However, although a special association between PSMD and the cognitive domain of processing speed was emphasized by Baykara et al. (19), no other cognitive domains were examined in their study. The Trail Making Test—measured in most of their samples—is associated with general fluid cognitive ability as well as processing speed (2022). Therefore, PSMD might correlate with cognitive abilities more generally. As Schmidt (23) explained, all cognitive domains correlate positively together, and, therefore, associations with any one domain might represent an association with general cognitive function rather than, or in addition to, a domain-specific relationship. Before concluding that PSMD is a special neuro-biomarker of the important cognitive domain of processing speed, formal tests of whether PSMD correlates more strongly with processing speed, general cognitive ability, or other cognitive domains are needed. We sought to accomplish this in the present study.

Our present study includes experimental and psychophysical measures of processing speed in addition to more widely used paper-and-pencil assessments of speed. The former, arguably, rely less on acculturalized learning than do the paper-and-pencil-tests, and they are reckoned to be purer measures of speed (6, 24). Therefore, our study affords the examination of relatively specific tests of processing speed. Correlations of the different processing speed tests with PSMD are compared with those from a wide variety of other cognitive measures tapping broad cognitive domains. We also compare PSMD–cognitive function correlations with other structural brain imaging biomarkers’ cognitive correlations to test whether its association with processing speed and other cognitive domains is especially strong. Here, we run these analyses in a narrow-age sample of mostly healthy, community-dwelling older people: the Lothian Birth Cohort 1936 (LBC1936).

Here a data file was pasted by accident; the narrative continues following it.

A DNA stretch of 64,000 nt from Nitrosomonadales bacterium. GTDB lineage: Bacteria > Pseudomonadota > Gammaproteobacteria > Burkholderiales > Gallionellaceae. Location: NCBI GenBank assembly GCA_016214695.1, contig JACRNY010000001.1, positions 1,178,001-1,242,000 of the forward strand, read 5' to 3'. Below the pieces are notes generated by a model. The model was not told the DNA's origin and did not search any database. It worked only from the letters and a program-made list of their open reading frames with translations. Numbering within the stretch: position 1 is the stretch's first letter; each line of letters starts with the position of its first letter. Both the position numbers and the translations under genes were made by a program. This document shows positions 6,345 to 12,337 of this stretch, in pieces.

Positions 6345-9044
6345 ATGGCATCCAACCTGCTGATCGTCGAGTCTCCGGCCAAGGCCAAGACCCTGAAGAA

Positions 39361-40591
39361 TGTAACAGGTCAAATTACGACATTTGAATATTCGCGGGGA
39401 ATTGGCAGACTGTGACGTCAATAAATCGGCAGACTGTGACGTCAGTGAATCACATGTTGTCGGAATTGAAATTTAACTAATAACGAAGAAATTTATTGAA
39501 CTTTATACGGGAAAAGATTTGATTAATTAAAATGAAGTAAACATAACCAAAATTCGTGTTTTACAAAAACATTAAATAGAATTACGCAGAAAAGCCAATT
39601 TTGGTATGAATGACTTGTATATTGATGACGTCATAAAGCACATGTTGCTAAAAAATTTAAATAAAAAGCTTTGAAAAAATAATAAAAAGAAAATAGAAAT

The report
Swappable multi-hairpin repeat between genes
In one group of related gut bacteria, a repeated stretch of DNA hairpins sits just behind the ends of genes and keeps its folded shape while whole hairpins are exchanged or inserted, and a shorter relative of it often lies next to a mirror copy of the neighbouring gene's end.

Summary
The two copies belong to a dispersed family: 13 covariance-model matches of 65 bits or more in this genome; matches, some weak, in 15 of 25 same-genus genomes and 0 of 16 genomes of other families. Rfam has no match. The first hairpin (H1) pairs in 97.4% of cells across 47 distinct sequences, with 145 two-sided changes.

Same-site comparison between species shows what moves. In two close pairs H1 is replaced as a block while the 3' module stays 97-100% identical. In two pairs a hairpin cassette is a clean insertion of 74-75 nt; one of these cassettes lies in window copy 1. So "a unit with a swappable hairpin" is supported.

Materials and Methods